Beitostølen World Cup Likely to be Moved or Canceled, North Americans Adjust (Updated)

Audrey ManganNovember 8, 2011
Right now, Europe might as well be Rumford, ME (January 2011).

With current temperatures in Beitostølen, Norway hovering a few degrees above freezing, chances are the first World Cup of the season, scheduled to take place November 19 – 20, will be canceled or moved to a new venue. The International Ski Federation (FIS) has until Wednesday to make the call according to competition rules.

“I would say the chances for Beitostølen are 10% and for Sjusjøen, [Norway] 40%,” said cross-country race director Jürg Capol via email.

If the decision is to cancel, which has happened four other times in Capol’s tenure, he confirmed that FIS wouldn’t be able to reschedule the opening races. There are simply no gaps in the 2011-2012 World Cup calendar.

Sjusjøen, which lies about 20 k east of Lillehammer, is set to host the Nordic Combined World Cup on December 3 and 4, and has already put down a base of manmade snow. Johannes Haukåssveen, a race organizer at Sjusjøen, said on Monday that with additional snow guns borrowed from Sweden and Italy, the venue could produce snow at twice their normal capacity.

Beitostølen attempted to set a base of artificial snow over the weekend, but a combination of warm weather and high humidity prevented it from sticking. According to logistics manager Erik Østli, the temperature was hovering around half a degree above freezing in the stadium, and they need at least two degrees below in order to produce snow.

Beitostølen forecast as of Tuesday afternoon.

Östersund, Sweden was originally considered as another alternative, as the venue has a stockpile of snow, but it declined to host the opening cross-country races in favor of saving up for the Biathlon World Cup taking place there November 28 – December 4.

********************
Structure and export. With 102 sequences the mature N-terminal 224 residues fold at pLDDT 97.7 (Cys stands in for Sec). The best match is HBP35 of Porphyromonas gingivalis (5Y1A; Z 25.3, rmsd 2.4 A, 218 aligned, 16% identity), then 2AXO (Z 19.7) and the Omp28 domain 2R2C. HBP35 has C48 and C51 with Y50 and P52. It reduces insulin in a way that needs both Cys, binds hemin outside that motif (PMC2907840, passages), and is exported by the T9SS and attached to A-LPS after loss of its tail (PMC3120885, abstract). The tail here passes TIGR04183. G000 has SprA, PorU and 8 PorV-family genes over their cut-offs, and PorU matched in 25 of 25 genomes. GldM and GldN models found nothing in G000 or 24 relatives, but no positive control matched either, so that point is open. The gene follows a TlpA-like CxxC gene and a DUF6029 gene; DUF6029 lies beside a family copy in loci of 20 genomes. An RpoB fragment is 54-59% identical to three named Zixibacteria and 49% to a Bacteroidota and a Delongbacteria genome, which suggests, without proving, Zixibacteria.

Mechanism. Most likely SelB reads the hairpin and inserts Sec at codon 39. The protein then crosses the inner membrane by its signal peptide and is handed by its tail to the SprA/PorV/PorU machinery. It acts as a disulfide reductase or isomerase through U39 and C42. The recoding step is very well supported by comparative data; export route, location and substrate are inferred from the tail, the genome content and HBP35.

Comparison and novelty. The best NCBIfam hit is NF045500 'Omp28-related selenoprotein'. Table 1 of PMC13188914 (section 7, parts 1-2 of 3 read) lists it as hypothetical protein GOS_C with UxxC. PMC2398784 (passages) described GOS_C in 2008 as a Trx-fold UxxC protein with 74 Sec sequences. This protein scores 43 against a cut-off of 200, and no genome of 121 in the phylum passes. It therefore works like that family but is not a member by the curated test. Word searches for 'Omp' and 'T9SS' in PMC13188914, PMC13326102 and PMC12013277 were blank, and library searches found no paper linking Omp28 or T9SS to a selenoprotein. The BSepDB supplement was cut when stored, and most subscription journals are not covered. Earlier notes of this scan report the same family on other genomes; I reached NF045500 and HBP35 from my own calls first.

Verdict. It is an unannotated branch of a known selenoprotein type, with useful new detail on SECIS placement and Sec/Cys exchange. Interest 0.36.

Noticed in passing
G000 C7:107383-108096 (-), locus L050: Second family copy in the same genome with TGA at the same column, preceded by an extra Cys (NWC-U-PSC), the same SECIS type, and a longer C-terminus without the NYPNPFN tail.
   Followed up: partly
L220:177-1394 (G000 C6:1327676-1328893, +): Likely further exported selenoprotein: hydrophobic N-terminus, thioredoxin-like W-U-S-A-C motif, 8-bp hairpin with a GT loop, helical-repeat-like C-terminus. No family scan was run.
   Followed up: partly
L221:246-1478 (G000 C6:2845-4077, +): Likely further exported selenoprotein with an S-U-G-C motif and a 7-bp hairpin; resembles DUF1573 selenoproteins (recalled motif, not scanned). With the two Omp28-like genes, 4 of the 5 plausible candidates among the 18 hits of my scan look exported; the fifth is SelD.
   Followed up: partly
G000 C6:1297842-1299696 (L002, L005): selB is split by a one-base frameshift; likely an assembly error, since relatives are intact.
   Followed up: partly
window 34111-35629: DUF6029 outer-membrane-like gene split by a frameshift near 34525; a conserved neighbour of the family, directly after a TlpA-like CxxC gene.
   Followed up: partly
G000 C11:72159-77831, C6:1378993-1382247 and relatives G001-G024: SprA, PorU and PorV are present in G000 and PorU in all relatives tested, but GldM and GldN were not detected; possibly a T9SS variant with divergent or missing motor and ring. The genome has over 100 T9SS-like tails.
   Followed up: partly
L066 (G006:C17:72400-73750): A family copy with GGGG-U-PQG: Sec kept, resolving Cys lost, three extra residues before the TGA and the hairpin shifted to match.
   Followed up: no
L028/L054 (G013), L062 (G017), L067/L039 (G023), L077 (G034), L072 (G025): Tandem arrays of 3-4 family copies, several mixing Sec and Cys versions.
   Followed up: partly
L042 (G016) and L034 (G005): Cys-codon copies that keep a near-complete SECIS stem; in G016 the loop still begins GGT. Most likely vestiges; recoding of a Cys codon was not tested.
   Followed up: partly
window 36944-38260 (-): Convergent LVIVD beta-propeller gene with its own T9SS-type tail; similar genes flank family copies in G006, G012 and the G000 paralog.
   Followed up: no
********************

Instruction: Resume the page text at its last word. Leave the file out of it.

At this point, Capol thought things didn’t look too promising. reported earlier today that Terje Lund, events manager for the Norwegian Ski Federation, will inspect the course at Sjusjøen to evaluate the viability of holding a World Cup there in less than two weeks. FIS rules state that a World Cup must be cancelled no fewer than nine days before the event. Under “extraordinary” circumstances, however, FIS can make the decision as close as six days prior.

On Wednesday morning, FIS announced it would delay the decision until Thursday afternoon. “The Norwegian Ski Federation is evaluating together with the organizing committee all possible solutions to host the Cross-Country World Cup opening in Norway,” said Capol in a press release.

If the races are moved to Sjusjøen, Capol said that certain exceptions to FIS competition rules may be made in case of critical snow, particularly with regard to homologation standards.

“We might adapt the courses and this has happened before, but nevertheless we still follow the basic requests for the courses and stadium,” he explained.

U.S. and Canadian Ski Teams Adjust

Though race cancelations present a setback for every team on the circuit, a schedule change is more difficult for the teams crossing the Atlantic. The majority of the U.S. Ski Team (USST) had planned on departing for Europe over the weekend and competing in the Norwegian opening races at Beitostølen originally scheduled for November 11- 13.